Drugs

Four White Louisiana Officers Choked This Young Black Man to Death in a Low-Level Drug Bust

If past experience is any guide, don't hold your breath waiting for justice.

Keeven Robinson, choked to death by Jefferson Parish sheriff's deputies last week.
Photo Credit: Demone Robinson

New Orleans resident Keeven Robinson, 22, died after being arrested by Jefferson Parish narcotics officers last week. Police originally tried to blame his death on asthma, but now the Jefferson Parish coroner is telling a very different tale.

At a press conference Monday, Coroner Gerry Cvitanovich laid out what initial autopsy results revealed: "Our initial autopsy findings reveal significant traumatic injuries to the neck, the soft tissue of the neck," he said. "These findings are consistent with compressional asphyxia. We are confident that at the end of our process, this is going to be the cause of death.  Regarding manner of death, at this point, manner of death is homicide."

Cvitanovich was quick to point out that when he said "homicide," he did not mean in the legal sense, but in the sense that Robinson died as a result of the actions of others.

According to the sheriff's office, four undercover narcotics deputies, whom Sheriff Joe Lopinto did not name but identified as white, were surveilling Robinson, a black man, as part of a drug-dealing investigation and followed him to a gas station on Jefferson Highway late last Thursday morning.

When Robinson noticed the agents, who wore badges, approaching him, he attempted to drive off, but jumped from his car about a block away after running into two sheriff's vehicles. The officers pursued Robinson in a foot chase as he leaped over fences before catching him in the backyard of a residence.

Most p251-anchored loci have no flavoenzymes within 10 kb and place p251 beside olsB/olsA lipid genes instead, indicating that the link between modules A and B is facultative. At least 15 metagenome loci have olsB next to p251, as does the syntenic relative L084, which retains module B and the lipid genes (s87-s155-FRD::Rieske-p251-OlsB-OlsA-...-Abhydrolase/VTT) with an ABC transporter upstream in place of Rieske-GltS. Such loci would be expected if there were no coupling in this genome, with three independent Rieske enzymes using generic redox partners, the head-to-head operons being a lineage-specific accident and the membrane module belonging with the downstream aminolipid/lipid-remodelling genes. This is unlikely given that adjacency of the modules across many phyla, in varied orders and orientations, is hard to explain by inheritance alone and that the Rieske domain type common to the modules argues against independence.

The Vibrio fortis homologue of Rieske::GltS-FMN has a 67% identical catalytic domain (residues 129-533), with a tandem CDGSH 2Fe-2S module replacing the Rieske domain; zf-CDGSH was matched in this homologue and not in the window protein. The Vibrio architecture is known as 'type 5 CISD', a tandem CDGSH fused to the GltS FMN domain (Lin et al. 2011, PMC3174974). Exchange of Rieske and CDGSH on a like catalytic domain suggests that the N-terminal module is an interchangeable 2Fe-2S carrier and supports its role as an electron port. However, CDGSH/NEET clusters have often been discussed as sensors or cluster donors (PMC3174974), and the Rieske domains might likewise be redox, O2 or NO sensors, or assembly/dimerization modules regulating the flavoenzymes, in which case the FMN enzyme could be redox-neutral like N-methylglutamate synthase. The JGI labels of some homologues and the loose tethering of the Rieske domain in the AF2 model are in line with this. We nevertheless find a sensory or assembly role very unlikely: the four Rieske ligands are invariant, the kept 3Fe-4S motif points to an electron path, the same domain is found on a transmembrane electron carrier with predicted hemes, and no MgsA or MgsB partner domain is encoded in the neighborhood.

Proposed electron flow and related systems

Again, according to the sheriff's office, the deputies then struggled with Robinson, who was carrying what they suspected to be heroin, before they managed to handcuff him. At that point, he stopped breathing. He was rushed to Ochsner Medical Center nearby, but died there.

Jefferson Parish sheriff's deputies do not wear body cams.

Robinson was not armed, though Sheriff Lopinto said a gun was found in his car.

Lopinto originally said investigators were looking into whether Robinson's history of asthma contributed to his death, but his family immediately expressed skepticism about that possibility. They said they feared the officers had either beaten or strangled him to death.

And the coroner's report is proving them correct. Jefferson Parish NAACP President Gaylor Spiller said she was pleased the coroner's office issued a ruling on Robinson's death so quickly and that "there was no cover up."

But Spiller was speaking prematurely. The investigation into the killing of Keeven Robinson is just getting started, and the inevitable finding that no one is criminally responsible is still months away. Call me cynical, or call me a student of what happens when police kill people.

In this case, an unarmed black drug suspect was choked to death by four white officers. They're now on desk duty, while Robinson is in the ground. Who wants to bet on any of them being charged with a crime?

 

 

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Phillip Smith has been a drug policy journalist for the past two decades. Smith is currently a senior writing fellow at the Independent Media Institute